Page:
Despite this looming hostility, the drive to immigrate to the U.S. remains strong. As The New Humanitarian reports, citizens of Honduras—one of the three countries forming the “Northern Triangle,” the source of a large share of Latin American immigrants seeking asylum in the U.S.—suffer from “widespread poverty, government corruption, and one of the highest rates of violence in the world outside a warzone.” However, these systemic pressures spiked in November after two back-to-back Category 4 hurricanes, Eta and Iota, devastated the country last month, exacerbating an ongoing climate crisis in the region. At the opposite extreme, perennial drought had been a catalyst of migration in the area for years, earning the region the title “the Dry Corridor.” As José Antonio Munguía, a 45-year-old Honduran father of two from the Sula Valley, told reporters, “Ever since Hurricanes Eta and Iota arrived, no form of aid has gotten to us… Now, we feel obliged to go north, because the poverty here is already so bad that there is no way we can survive. We already lived poorly. The harvests were just coming in when the hurricanes came and destroyed everything.”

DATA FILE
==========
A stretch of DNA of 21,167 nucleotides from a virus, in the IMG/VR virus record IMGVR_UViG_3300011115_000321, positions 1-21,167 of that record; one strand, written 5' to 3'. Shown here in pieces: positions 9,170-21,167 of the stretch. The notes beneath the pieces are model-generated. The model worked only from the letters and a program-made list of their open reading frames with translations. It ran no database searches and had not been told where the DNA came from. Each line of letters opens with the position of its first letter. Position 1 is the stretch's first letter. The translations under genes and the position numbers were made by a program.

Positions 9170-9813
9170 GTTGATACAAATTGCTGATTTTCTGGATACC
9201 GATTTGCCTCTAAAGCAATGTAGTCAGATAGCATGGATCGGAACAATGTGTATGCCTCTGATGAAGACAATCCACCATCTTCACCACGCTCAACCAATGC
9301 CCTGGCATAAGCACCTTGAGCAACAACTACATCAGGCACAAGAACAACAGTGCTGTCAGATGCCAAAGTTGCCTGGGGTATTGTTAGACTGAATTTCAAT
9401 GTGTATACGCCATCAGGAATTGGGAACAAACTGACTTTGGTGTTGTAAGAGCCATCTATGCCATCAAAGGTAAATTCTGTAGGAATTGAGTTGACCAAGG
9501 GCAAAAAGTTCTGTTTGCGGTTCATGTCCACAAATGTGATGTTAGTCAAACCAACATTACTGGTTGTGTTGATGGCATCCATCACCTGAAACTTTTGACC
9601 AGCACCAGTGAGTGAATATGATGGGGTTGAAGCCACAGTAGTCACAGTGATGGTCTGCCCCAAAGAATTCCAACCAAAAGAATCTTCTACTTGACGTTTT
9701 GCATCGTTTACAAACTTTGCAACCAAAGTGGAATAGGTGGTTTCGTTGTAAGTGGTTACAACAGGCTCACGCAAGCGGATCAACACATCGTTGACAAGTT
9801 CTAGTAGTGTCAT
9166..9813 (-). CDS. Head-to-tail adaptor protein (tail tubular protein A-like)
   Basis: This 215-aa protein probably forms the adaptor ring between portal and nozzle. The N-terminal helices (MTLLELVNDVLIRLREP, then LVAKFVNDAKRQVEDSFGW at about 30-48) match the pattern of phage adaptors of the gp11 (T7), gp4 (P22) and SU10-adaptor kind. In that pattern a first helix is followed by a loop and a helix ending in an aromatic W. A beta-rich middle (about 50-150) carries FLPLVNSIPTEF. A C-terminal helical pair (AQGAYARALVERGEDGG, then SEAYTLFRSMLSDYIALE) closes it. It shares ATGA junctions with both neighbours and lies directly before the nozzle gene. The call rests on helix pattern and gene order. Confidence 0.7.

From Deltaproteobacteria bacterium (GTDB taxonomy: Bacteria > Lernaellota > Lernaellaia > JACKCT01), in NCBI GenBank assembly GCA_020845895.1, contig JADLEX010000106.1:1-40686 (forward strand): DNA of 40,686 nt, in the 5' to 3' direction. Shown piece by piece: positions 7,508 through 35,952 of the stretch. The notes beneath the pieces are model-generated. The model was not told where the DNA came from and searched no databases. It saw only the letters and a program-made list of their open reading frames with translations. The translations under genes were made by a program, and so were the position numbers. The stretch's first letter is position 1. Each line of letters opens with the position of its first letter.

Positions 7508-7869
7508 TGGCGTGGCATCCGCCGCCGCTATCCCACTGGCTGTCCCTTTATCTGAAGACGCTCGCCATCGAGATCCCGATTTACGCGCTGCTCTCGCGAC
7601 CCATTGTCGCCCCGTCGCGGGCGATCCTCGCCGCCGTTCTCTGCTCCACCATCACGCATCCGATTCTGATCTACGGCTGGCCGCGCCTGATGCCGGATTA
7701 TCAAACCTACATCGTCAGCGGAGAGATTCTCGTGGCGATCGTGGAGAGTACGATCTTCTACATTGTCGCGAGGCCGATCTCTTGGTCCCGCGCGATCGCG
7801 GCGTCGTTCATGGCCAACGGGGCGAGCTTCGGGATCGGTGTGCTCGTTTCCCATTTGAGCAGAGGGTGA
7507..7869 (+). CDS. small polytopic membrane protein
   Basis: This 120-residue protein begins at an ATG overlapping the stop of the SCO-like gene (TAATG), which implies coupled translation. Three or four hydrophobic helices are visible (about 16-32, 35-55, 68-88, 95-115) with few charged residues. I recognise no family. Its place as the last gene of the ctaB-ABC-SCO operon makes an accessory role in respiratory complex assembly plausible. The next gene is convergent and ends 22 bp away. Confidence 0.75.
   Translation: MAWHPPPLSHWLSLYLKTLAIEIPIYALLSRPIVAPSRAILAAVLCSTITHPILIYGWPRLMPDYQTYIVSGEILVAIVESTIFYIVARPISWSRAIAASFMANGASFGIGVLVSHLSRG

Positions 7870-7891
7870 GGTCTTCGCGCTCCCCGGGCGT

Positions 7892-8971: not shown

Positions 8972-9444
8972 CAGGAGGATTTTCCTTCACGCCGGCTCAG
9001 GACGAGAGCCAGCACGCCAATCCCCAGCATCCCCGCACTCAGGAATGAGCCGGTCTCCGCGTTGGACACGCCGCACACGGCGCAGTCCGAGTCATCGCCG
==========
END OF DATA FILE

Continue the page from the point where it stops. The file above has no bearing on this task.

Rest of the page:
As of January 2021, there remains no refuge to be found in the U.S. Under the new guidelines, migrants are being expelled faster than ever before, spending an average of 96 minutes on U.S. soil before being forced back out into the Sonoran desert with no resources and no transportation. Prior to the pandemic, 84% of decided claims from residents of the Northern Triangle and Mexico were denied, but as the pandemic wore on, the Trump administration’s restrictions became so extreme that entire refugee resettlement agencies began to collapse in the Summer of 2020 due to plummeting federal reimbursement for their depleted headcounts. According to the Center for American Progress, “the Trump administration’s deliberate attempts to bar refugees from entering the country and undercut the resettlement infrastructure has presented the greatest existential threat the U.S. refugee program has faced.” These curtailments continued throughout the final weeks of the Trump’s term; on December 10, 2020, the administration issued a final rule that further narrows asylum eligibility and makes it even more difficult for migrants to pass credible fear screenings, changes which officially took effect on Monday, January 11, 2021, a mere nine days before Biden’s inauguration.